In the early nineteenth century, some great doctors, including Laennec, became interested in oriental medicine. But they lacked scientific basis on the one hand, and the experience of Chinese doctors on the other; the doctors wanted to practice their own form of acupuncture, discrediting the method and thus explaining their failures. Some wanted to practice it like Dr. Berlioz (father of composer Hector Berlioz) - first pioneer of acupuncture in France - who in 1810 presented a brief to the Society of the Faculty of Medicine of Paris. Then came Dr. Sarlandiere who in 1825 published his extraordinary "Memory on Electropuncture and the use of Japanese moxa in France", with fairly precise indications and anatomical drawings of Japanese medicine.
The first detailed study of acupuncture by Captain Dabry - Consul General of France in Hankow - was published as late as 1863 in a large book on Chinese medicine: "Medicine to the Chinese." There are no references in this work, the indications do not always agree with Chinese texts. Further, Dabry did not train any students, his study was unnoticed and did not allow the launch of acupuncture in Europe.
In 1908, Dr. I. Regnault devoted a specific chapter on Chinese medicines and a description of acupuncture in his book: " Chinese medicine ", but he did not give the location of points or their indications.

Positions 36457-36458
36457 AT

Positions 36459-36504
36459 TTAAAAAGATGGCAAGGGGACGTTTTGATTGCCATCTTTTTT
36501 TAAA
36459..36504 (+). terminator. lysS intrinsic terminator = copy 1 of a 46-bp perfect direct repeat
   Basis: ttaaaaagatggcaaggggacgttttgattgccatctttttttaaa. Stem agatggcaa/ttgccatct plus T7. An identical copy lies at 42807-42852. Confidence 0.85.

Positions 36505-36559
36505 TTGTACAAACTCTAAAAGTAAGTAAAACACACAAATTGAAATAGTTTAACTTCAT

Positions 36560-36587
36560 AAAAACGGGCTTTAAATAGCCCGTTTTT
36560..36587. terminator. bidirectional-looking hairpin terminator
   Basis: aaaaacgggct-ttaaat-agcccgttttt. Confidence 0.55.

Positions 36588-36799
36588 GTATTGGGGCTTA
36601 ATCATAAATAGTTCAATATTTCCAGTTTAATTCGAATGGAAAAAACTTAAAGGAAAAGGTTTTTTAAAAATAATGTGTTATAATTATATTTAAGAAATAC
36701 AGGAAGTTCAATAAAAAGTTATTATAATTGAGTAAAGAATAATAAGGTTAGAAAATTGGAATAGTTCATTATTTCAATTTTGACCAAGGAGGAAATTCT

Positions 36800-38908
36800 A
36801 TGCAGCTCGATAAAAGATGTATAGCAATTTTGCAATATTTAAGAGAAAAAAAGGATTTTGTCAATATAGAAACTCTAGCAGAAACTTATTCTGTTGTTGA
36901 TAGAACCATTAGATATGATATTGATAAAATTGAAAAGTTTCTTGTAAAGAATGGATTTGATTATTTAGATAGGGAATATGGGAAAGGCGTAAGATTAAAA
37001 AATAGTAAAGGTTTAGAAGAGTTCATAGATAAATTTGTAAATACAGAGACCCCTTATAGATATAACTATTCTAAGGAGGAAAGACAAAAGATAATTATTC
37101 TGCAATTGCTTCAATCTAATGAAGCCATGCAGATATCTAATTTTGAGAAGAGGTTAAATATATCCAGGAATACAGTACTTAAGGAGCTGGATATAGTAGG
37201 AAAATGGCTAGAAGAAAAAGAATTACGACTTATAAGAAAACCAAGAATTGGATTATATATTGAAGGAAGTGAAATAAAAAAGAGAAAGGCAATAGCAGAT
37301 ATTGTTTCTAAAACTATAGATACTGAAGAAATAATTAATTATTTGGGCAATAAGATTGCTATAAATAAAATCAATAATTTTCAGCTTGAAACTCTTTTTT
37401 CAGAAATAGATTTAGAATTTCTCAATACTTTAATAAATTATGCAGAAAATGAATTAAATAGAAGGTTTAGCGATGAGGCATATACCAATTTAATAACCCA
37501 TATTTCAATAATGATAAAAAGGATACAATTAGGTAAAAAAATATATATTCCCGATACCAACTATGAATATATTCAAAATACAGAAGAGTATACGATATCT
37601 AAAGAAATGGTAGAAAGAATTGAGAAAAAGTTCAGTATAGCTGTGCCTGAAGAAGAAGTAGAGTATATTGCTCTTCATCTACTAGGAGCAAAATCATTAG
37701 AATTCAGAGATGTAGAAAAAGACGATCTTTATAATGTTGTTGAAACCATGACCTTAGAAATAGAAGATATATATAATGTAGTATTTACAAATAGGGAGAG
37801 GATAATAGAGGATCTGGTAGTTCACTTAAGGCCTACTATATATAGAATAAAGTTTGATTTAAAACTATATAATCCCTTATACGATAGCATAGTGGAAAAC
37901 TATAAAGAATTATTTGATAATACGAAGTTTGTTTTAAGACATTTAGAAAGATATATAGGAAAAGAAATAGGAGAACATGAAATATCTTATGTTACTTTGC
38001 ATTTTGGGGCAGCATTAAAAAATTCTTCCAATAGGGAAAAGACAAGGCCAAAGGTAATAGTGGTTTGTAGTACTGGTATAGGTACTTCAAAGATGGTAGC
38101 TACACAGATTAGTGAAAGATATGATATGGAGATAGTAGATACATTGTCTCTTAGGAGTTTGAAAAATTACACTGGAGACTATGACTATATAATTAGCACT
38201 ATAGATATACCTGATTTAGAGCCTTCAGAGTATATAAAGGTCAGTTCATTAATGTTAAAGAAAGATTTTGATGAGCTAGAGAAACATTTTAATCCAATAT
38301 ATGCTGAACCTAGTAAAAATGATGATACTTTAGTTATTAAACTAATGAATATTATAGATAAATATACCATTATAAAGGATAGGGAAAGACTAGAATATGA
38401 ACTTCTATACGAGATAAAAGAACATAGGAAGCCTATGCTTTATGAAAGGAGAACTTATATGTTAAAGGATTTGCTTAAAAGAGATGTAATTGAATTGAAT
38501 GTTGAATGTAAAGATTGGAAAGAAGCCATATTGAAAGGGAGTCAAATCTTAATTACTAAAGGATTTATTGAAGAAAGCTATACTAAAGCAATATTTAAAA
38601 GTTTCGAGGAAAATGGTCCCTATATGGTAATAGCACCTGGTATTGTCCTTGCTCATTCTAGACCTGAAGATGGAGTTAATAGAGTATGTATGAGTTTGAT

It was not until 1928 that George Soulie de Morant, a French diplomat stationed in China transmitted the actual method he had learned from Chinese masters while experimenting during longer stays in the Celestial Empire. He deserves credit for having drawn the attention of public health in France on treatment with needles and disclosing a truly rational acupuncture. Undeniably, that without it, the science of Energy would not be what it is today. We would have had to wait for someone else to do the tremendous work he has done. Thanks to him, acupuncture has now firmly taken root in France which became the European cradle of this millennial medicine.
« Things are true or false according to the perspective we consider them from. The truth remains forever. Whoever knows it does not talk about it, whoever talks about it does not know it ».
Text by Dr Didier VANDESRASIER